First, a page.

So San Francisco, for instance, just recently put a cap on the number of tobacco retailers. They have 45 retailers per supervisor all district and they’re not allowing any new ones to open or get a permit until the existing ones go out of business or don’t renew their license. In some cases they have over 100 in these districts and so it’s going to be a while before they have any new retailers. Over a dozen states have tobacco 21 where you have to be at least 21 or older to buy cigarettes and e-cigarettes and other products.

 

Most places that had been age 18 so they’re raising that up. I would also say Chicago, Minneapolis are restricting menthol products. Newport’s a major menthol brand. And so there’s been concern over some of these flavors and additives in cigarettes. So I think we’re seeing a lot of really interesting innovation at the local level for how to regulate cigarettes with the ultimate goal of reducing youth and adult smoking and tobacco use.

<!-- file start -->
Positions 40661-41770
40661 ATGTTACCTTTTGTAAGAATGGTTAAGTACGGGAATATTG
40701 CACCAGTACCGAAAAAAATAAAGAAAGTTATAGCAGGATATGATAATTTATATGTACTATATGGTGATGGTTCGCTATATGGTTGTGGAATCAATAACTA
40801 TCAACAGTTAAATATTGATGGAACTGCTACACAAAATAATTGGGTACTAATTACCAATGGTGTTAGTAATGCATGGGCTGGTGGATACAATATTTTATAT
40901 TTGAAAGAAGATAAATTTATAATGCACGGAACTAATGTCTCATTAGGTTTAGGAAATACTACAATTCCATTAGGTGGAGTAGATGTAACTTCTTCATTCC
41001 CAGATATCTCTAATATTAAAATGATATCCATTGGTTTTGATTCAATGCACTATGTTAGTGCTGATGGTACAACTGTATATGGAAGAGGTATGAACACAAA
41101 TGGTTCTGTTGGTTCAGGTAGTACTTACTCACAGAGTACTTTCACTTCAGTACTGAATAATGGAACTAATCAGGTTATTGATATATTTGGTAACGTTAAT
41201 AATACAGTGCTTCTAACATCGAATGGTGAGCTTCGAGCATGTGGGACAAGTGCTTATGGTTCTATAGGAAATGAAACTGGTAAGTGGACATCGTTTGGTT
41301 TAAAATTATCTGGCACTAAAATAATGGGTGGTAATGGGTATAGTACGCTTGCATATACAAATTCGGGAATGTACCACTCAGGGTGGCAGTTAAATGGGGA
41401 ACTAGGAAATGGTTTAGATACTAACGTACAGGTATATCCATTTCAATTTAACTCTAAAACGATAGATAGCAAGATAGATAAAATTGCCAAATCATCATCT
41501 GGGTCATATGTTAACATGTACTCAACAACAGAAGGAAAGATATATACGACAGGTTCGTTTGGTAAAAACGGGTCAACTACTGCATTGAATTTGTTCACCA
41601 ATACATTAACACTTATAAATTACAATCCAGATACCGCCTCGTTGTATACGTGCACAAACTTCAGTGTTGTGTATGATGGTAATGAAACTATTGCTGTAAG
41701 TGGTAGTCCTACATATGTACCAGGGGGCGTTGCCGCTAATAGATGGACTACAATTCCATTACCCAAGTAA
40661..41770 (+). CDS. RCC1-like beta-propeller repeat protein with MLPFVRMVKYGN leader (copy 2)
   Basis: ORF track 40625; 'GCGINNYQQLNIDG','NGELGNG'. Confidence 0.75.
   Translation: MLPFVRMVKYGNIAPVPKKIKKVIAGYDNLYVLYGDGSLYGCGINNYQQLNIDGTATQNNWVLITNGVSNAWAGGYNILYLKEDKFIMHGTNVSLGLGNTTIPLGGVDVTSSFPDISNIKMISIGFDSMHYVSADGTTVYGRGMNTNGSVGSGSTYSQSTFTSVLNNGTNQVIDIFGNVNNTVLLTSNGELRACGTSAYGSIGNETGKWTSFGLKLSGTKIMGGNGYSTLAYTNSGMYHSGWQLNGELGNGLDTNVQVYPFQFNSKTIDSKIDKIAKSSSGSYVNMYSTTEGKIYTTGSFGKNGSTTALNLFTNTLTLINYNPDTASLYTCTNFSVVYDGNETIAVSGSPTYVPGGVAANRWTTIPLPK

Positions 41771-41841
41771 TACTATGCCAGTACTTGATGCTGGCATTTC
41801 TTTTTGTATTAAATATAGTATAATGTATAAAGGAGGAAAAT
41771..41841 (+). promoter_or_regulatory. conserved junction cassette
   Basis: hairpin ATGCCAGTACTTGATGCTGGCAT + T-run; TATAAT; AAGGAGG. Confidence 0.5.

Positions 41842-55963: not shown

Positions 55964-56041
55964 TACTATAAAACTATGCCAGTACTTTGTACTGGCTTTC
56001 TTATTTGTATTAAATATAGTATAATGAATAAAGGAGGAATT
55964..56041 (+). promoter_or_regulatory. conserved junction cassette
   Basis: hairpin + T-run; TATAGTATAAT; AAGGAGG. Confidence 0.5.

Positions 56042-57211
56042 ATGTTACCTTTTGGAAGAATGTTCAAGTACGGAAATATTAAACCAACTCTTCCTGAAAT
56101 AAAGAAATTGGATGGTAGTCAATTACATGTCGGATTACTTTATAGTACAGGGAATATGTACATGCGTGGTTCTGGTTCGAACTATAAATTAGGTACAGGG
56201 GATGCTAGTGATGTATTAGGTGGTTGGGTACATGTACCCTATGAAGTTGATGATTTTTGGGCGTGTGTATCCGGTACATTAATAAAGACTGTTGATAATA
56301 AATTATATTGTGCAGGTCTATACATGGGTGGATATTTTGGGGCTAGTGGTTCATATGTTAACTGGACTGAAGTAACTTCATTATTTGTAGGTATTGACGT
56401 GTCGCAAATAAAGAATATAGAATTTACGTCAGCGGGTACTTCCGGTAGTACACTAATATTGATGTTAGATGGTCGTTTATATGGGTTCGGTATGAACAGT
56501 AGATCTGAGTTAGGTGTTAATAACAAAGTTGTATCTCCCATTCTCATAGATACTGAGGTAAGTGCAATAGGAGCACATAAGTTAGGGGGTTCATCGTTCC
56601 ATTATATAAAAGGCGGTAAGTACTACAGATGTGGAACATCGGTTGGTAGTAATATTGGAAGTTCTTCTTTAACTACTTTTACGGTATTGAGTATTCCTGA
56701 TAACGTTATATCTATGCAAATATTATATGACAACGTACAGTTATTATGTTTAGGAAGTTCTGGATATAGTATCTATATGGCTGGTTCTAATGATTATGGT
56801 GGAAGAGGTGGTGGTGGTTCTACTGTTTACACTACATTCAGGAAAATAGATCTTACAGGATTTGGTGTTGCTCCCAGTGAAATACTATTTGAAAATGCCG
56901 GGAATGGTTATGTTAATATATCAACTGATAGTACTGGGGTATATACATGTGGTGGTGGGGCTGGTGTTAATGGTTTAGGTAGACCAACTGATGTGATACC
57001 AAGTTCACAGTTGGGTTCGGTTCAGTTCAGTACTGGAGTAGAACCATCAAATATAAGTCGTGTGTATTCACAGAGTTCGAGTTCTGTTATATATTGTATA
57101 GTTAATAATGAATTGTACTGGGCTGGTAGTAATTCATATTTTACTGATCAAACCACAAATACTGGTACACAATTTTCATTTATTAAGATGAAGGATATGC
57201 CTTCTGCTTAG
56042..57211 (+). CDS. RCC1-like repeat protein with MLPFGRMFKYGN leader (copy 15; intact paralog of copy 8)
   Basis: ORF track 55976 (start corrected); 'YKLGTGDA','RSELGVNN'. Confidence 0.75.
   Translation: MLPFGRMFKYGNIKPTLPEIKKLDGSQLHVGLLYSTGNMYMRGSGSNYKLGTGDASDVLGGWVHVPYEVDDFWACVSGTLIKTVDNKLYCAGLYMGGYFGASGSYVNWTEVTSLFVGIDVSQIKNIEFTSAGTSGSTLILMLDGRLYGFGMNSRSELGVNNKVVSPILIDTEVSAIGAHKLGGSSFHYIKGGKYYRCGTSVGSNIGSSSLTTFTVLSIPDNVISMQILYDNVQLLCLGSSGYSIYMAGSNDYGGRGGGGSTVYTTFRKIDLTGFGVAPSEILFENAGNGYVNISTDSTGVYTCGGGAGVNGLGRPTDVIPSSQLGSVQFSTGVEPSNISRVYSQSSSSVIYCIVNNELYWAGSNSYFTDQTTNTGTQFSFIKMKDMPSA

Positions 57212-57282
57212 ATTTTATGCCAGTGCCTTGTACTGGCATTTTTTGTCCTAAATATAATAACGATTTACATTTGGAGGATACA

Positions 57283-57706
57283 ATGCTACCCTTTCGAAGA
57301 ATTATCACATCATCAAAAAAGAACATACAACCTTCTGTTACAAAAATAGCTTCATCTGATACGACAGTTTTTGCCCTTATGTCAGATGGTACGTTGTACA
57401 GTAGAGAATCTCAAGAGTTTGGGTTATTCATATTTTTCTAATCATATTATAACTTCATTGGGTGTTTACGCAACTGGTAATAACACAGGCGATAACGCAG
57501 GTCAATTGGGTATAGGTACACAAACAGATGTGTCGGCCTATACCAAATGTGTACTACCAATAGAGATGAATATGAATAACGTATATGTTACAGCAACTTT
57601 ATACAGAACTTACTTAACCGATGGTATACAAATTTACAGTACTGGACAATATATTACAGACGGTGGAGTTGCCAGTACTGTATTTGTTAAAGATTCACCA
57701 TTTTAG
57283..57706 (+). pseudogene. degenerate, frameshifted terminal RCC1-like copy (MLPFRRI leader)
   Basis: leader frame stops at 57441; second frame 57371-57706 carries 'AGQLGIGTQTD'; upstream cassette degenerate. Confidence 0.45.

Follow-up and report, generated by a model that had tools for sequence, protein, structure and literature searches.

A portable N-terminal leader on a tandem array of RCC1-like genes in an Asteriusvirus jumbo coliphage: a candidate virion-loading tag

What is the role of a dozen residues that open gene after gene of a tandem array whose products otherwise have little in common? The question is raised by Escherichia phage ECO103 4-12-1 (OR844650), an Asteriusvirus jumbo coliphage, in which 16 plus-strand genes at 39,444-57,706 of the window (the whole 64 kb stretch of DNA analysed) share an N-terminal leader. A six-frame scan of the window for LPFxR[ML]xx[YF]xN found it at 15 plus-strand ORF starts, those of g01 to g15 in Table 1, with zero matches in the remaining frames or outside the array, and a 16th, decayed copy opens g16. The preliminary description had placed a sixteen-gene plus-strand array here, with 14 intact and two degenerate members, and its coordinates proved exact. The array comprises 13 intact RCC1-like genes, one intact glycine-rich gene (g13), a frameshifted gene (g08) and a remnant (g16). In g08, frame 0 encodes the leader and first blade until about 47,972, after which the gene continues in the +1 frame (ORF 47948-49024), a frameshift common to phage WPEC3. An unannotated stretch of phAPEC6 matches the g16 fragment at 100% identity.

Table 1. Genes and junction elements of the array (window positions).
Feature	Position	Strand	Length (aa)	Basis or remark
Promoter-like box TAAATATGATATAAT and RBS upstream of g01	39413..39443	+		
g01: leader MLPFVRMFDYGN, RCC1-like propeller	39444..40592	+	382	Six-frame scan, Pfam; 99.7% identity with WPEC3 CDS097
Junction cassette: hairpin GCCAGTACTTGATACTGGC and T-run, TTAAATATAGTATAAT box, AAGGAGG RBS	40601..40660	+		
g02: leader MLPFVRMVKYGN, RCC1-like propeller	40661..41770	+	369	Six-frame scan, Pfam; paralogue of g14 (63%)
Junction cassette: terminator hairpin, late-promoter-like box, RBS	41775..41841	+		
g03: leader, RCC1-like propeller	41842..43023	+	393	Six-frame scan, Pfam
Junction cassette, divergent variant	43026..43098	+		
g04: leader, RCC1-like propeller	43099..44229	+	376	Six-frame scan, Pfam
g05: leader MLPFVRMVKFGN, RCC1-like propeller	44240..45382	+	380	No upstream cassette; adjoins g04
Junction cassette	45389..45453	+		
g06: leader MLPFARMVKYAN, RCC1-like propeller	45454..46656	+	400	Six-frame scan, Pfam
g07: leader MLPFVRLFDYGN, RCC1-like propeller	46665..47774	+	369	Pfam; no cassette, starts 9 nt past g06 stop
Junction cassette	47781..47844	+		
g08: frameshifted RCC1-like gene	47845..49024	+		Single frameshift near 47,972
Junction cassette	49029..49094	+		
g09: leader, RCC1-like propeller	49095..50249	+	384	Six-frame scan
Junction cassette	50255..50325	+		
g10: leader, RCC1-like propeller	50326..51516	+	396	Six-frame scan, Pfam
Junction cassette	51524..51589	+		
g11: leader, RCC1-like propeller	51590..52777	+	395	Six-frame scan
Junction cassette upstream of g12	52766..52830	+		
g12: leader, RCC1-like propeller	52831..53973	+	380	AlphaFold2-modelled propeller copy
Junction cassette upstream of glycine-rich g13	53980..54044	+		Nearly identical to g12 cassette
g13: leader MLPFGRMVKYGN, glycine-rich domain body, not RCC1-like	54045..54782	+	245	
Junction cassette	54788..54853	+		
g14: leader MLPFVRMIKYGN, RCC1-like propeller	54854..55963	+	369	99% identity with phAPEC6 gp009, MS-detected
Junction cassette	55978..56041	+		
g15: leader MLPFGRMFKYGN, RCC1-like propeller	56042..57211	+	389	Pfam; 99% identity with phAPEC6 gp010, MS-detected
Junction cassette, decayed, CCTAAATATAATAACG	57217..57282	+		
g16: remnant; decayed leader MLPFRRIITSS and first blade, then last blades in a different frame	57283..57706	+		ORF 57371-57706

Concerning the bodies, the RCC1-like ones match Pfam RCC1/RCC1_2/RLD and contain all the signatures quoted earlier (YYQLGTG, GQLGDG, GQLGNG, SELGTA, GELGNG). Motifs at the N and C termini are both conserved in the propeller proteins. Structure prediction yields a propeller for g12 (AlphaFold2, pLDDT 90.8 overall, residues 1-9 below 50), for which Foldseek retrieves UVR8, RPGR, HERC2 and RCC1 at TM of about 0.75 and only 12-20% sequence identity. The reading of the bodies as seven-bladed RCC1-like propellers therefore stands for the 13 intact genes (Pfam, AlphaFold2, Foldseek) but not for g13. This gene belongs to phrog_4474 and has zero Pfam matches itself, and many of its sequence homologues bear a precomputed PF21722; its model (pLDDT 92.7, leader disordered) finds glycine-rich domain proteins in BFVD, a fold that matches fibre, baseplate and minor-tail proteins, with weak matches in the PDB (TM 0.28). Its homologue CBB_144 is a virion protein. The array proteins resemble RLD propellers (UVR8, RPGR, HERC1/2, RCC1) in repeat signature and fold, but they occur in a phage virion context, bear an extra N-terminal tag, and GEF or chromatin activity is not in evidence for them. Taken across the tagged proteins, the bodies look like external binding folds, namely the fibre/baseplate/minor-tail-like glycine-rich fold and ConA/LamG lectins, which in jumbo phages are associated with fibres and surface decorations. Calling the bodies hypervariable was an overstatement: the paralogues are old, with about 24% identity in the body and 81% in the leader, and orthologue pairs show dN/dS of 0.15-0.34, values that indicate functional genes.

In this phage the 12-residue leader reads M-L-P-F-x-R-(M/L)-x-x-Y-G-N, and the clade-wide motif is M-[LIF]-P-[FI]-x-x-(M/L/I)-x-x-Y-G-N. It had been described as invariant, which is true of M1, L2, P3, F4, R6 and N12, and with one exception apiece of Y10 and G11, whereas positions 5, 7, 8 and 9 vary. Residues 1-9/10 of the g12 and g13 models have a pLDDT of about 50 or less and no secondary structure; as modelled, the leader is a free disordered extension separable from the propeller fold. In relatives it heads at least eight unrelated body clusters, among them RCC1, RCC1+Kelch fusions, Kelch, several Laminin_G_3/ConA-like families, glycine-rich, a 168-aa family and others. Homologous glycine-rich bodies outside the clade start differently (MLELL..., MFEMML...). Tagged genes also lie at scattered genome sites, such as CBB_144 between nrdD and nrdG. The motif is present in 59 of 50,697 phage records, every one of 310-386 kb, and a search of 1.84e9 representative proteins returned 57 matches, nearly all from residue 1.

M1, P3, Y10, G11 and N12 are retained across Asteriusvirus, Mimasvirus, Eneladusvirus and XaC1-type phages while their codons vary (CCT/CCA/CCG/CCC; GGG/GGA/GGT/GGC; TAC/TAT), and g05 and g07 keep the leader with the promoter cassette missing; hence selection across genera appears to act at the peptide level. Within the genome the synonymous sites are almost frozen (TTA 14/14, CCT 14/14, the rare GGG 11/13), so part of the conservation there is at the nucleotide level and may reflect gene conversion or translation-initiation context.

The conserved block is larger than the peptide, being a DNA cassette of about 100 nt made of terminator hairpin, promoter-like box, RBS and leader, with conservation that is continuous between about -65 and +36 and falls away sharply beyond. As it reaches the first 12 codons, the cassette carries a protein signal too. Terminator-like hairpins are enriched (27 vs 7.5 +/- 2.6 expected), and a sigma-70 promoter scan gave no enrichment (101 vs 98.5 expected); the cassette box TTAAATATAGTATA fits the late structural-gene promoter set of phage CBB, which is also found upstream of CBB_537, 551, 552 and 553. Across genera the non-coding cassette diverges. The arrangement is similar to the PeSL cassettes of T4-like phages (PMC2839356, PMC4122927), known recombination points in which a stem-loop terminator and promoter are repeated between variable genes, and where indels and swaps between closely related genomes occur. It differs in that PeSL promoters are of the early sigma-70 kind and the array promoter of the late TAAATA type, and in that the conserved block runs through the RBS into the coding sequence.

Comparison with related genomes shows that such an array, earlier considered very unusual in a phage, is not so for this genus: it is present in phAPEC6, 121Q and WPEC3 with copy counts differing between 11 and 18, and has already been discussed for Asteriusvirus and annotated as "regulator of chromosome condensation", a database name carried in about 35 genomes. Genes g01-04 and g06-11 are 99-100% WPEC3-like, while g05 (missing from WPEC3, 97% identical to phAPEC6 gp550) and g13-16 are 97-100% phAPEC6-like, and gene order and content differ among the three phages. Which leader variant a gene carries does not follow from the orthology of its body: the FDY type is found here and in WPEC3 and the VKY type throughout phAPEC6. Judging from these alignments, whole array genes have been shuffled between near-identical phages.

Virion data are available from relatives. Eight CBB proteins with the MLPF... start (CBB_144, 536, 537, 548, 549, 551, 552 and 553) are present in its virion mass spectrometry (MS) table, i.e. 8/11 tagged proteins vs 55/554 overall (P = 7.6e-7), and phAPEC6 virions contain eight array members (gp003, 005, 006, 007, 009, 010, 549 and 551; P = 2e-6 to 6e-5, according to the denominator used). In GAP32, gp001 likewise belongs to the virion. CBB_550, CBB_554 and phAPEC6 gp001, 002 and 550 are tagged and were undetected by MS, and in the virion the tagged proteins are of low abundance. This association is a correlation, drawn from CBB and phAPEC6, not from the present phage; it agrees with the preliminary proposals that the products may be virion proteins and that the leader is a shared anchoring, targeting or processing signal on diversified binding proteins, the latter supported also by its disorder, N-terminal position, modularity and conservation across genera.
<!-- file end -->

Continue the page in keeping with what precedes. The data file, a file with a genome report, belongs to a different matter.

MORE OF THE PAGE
The U.S. was the first country to put warning labels on cigarette packs in 1960, but did not update them until 1984. However, imaging on U.S. packs is still tame compared to those found in Europe.

 

So people have traveled overseas have seen different cigarette warnings than we have in the U.S.. And so those warnings depict, like, diseased lungs and hearts and so forth. And these pictorial or picture based warnings are much more effective than the text warnings which in the U.S. appear on the side of the pack. That’s a small surgeon general’s warning. In fact, we’re tied for having the worst warnings in the world. One of the key things that we’d like to see the U.S. Food and Drug Administration do is implement a graphic pictorial warnings on cigarette packs.